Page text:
Peregrines, Long Island Sound and Rachel Carson's Centenary
To me, it's noteworthy for two things.
First, the story says the Throgs Neck Bridge is at the intersection of the East River and Long Island Sound. This is tiresome but ... a "sound" is a relatively narrow strip of water between an island and the mainland. Therefore Long Island Sound is the strip of water between Long Island and the Bronx, Westchester and Connecticut. Since Queens is on Long Island, the strip of water between Queens and the Bronx is Long Island Sound. It is not the East River. The East River separates Queens and Brooklyn from Manhattan, and it ends at Hell Gate (not Hell's Gate). As I've said before, I think this partially explains why people in Queens and the Bronx don't care that much about Long Island Sound -- because they're continually told that they live not near the Sound but near the East River. Oy.
Second, the story (which is so inconsequential it's apparently not even on the Times website, hence no link) refers to the connection between DDT and the decline of peregines, which reminds me that Sunday is the 100th anniversary of Rachel Carson's birth and also reminds me to link to this commentary about Carson and the Bush administration that Elizabeth Kolbert wrote in the current New Yorker:
As much as any book can, “Silent Spring” changed the world by describing it. An immediate best-seller, the book launched the modern environmental movement, which, in turn, led to the creation of the Environmental Protection Agency, the passage of the Clean Air, the Clean Water, and the Endangered Species Acts, and the banning of a long list of pesticides, including dieldrin. Depending on how you look at it, Carson’s centenary couldn’t come at a better time—or a worse one.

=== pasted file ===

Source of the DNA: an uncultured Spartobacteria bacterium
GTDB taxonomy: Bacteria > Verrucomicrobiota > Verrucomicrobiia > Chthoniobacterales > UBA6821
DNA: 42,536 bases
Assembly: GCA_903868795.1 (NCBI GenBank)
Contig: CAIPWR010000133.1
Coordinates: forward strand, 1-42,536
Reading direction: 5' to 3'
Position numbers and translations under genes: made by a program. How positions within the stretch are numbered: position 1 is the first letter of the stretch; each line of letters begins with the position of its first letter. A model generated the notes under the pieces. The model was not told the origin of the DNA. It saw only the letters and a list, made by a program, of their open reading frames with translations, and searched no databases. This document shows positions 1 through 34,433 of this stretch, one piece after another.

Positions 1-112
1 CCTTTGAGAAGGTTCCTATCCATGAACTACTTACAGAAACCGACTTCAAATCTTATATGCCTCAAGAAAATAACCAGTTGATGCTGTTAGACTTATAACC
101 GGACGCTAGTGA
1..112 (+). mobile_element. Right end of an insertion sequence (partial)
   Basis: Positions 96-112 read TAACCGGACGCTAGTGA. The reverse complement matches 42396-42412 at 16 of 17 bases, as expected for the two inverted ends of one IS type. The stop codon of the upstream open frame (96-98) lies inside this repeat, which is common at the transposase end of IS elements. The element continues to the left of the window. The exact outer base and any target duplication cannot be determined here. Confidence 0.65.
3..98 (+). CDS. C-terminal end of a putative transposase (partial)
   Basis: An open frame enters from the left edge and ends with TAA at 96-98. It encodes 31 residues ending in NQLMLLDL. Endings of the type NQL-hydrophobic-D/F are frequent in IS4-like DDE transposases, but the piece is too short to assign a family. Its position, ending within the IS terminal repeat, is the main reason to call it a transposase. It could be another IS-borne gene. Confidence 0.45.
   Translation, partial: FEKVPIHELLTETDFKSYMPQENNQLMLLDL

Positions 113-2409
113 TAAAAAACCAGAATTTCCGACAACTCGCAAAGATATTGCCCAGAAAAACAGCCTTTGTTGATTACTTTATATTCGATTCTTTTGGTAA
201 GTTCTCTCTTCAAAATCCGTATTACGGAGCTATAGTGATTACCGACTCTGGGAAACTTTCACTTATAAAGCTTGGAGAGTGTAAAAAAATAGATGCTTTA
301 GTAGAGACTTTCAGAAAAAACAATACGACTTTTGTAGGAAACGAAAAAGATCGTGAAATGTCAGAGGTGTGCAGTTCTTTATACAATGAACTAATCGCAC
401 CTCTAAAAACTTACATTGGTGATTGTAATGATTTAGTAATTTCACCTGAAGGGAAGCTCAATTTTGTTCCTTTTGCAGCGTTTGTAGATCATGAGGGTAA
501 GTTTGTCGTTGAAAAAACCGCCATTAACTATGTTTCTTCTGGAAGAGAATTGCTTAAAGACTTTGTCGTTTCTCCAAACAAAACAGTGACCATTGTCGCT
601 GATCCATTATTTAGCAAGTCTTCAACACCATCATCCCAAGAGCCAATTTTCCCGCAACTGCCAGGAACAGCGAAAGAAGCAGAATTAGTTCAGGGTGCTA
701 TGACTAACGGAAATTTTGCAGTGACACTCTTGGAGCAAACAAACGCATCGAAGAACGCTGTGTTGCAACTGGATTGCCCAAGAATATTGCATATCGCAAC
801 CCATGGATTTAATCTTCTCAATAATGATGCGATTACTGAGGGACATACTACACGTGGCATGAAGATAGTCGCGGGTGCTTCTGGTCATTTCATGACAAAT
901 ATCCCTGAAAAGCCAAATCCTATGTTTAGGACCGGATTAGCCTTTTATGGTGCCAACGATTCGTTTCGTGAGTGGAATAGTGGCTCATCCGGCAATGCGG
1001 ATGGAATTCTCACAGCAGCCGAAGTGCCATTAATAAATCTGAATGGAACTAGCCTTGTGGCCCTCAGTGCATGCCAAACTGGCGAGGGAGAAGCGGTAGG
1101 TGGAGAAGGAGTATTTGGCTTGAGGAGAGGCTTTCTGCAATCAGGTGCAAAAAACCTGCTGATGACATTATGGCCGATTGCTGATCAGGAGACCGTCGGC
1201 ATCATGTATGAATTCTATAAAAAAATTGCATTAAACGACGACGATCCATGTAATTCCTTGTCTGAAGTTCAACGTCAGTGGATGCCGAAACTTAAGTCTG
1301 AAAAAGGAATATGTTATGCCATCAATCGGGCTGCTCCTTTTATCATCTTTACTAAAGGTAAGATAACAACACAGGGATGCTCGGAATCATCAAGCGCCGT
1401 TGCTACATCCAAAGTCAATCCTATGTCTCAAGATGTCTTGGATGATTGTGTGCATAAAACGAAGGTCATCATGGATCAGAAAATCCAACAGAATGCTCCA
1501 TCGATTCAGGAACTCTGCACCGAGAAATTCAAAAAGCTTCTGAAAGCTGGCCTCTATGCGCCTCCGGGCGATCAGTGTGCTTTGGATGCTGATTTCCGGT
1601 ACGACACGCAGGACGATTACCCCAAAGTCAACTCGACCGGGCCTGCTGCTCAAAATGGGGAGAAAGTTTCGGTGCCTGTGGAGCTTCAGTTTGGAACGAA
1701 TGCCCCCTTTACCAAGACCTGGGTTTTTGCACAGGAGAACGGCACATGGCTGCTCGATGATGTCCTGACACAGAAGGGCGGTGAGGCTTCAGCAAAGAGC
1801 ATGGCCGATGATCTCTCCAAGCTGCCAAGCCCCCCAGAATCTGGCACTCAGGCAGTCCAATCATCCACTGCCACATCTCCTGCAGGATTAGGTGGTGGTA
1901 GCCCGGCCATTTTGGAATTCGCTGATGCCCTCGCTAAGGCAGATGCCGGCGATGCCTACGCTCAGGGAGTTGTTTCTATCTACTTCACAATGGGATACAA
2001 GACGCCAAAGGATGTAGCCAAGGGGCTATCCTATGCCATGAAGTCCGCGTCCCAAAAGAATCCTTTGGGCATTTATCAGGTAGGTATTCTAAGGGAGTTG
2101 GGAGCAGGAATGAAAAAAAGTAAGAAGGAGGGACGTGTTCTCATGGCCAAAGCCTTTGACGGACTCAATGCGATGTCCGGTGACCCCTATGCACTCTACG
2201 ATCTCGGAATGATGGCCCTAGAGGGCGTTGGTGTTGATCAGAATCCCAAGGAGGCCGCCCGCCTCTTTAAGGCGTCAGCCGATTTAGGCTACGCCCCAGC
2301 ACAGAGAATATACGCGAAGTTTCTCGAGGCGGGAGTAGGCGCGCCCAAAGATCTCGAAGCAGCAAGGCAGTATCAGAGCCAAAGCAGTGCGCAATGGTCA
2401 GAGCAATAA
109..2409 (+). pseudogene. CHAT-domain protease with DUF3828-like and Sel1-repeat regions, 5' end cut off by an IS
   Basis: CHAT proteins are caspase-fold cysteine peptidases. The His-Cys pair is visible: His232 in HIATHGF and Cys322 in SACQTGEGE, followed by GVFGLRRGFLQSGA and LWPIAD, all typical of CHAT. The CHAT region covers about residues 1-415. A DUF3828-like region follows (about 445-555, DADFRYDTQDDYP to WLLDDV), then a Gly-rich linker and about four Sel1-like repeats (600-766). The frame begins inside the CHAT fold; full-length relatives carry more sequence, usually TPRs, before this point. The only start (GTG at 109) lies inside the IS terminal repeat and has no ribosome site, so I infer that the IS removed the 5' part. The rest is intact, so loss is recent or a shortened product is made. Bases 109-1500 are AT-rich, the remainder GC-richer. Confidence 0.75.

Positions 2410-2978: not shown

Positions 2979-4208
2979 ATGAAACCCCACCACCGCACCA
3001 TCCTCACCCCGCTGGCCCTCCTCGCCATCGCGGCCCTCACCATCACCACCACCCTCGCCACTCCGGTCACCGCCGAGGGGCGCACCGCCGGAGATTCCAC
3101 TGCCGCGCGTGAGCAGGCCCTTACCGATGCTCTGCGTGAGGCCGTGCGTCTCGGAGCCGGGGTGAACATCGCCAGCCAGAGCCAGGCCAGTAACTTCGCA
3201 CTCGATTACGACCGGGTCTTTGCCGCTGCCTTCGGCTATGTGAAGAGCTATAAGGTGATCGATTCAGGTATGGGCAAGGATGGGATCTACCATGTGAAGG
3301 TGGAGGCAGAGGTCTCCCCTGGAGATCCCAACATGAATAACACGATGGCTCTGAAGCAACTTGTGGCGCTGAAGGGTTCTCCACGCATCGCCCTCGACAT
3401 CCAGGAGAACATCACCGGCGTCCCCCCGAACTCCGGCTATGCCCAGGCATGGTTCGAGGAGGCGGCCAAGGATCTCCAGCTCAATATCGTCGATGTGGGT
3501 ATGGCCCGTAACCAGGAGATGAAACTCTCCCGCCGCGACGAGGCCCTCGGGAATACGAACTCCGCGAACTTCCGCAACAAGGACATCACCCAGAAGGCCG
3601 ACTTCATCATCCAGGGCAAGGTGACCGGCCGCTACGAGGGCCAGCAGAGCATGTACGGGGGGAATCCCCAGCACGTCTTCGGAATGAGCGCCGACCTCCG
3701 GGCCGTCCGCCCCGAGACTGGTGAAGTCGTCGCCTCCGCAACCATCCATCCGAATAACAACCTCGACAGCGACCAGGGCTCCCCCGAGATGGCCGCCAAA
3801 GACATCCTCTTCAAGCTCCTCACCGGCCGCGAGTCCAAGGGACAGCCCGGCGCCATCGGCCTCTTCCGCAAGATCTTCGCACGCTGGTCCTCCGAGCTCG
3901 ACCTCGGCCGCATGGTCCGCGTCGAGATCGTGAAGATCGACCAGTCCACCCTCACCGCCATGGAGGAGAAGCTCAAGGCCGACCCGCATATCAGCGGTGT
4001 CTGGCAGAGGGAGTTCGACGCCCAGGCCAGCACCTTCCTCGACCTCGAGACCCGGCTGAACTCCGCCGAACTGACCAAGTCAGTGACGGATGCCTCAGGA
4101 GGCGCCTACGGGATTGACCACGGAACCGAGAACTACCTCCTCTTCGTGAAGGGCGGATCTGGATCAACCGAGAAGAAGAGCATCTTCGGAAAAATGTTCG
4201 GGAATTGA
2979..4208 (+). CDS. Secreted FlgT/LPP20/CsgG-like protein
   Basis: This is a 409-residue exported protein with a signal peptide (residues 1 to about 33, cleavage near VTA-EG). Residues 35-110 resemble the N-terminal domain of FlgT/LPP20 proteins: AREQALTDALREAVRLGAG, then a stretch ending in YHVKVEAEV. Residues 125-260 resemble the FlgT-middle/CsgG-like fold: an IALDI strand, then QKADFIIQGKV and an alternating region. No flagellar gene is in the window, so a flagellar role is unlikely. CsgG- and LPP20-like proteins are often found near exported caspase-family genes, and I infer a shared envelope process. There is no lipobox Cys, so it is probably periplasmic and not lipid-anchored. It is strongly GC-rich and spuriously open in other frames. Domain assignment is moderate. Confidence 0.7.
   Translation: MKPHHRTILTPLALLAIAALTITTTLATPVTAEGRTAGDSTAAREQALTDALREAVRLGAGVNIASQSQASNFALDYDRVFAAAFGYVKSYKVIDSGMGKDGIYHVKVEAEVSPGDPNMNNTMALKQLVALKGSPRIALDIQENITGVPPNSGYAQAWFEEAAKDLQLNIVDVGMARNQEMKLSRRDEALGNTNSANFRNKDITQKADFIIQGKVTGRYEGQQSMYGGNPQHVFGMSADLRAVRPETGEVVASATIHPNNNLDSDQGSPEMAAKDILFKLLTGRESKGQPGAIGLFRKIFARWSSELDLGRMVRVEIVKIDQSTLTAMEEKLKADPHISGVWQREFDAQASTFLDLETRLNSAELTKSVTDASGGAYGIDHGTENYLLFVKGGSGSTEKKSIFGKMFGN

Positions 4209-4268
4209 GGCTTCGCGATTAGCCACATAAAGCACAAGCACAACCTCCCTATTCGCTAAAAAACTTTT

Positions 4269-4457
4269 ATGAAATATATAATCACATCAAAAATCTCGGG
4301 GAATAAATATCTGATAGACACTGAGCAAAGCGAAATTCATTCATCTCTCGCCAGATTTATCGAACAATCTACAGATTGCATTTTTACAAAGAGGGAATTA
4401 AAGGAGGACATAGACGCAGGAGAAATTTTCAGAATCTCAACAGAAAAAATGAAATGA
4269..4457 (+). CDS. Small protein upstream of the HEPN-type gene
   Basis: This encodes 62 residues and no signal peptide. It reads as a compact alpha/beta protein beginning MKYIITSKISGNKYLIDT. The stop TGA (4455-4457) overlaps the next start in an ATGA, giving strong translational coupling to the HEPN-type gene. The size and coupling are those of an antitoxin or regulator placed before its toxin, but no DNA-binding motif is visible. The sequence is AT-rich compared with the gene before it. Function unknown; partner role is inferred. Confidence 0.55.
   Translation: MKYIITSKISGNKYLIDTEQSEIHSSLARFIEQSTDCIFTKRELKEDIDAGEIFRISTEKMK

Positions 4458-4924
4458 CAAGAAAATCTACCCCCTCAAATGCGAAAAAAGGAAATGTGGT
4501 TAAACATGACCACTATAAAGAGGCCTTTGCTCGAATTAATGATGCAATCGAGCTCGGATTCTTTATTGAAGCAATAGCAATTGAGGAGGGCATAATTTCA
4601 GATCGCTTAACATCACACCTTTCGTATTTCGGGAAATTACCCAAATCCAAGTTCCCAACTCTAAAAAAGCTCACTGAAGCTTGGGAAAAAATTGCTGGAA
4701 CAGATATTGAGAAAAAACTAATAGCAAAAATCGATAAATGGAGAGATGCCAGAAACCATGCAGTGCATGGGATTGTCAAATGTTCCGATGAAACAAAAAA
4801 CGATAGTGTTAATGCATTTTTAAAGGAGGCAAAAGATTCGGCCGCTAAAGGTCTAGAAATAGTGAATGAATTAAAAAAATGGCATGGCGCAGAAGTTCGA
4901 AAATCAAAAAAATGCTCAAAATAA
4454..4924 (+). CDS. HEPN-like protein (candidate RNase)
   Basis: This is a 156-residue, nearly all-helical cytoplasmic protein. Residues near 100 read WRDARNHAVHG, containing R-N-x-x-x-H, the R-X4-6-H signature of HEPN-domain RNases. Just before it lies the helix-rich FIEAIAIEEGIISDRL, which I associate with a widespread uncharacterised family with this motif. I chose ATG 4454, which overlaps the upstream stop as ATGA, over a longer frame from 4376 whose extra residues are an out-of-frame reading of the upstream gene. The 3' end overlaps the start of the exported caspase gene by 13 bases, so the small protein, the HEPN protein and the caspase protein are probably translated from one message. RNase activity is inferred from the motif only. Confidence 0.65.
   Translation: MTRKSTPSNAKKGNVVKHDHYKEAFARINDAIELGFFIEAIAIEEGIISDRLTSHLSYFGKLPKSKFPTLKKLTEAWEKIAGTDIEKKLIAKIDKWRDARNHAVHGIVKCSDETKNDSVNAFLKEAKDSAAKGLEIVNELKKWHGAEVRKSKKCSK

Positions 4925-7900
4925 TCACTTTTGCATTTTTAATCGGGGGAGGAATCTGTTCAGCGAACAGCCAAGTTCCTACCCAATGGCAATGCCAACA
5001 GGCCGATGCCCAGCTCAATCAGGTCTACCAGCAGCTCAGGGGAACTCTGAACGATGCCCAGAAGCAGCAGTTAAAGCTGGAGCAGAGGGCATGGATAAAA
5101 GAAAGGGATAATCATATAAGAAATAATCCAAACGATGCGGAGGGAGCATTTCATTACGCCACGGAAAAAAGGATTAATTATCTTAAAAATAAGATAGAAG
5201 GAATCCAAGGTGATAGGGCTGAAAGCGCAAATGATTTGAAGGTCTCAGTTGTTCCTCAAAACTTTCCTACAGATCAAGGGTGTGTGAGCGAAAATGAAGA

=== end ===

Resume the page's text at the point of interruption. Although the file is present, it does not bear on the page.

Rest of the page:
Six years into the Bush Administration, it’s basically the ant wars all over again. At key agencies, a disregard for inconvenient evidence seems today to be a prerequisite. A memo prepared by the Democratic staff of the House Committee on Oversight and Government Reform in mid-March, for example, revealed that officials of the White House Council on Environmental Quality had made more than a hundred and eighty changes to a status report on global warming, virtually all of which had the effect of exaggerating scientific uncertainties and minimizing certainties. (The official responsible for most of the changes, Philip Cooney, had come to the White House from the American Petroleum Institute and now works for Exxon Mobil.) A second report issued in March—this one by the Inspector General for the Department of the Interior—chronicled numerous instances in which a high-ranking department official, Julie MacDonald, had pressured government scientists to alter findings on threatened species. MacDonald, the report pointedly noted, had “no formal educational background in natural sciences, such as biology.” (MacDonald has since resigned.) As it happened, the report on MacDonald was released the same day that the former second-in-command at the Interior Department, J. Steven Griles, pleaded guilty to lying to Congress.
Meanwhile, the Administration has done its best to gut the safeguards put in place after “Silent Spring.” When, for instance, the E.P.A. proposed new rules on mercury emissions from power plants, the proposal turned out to contain several paragraphs lifted, virtually verbatim, from an industry lobbyist’s memos. (With minor changes, those regulations are now in effect.) Just last month, the Administration proposed new rules on the retrofitting of old power plants. The more or less explicit purpose of the rules is to accommodate a power company, Duke Energy, that the E.P.A. had itself sued for violating the Clean Air Act. Also last month, the E.P.A. announced that it would once again delay taking action on two drinking-water contaminants, perchlorate, an ingredient of rocket fuel, and M.T.B.E., a fuel additive.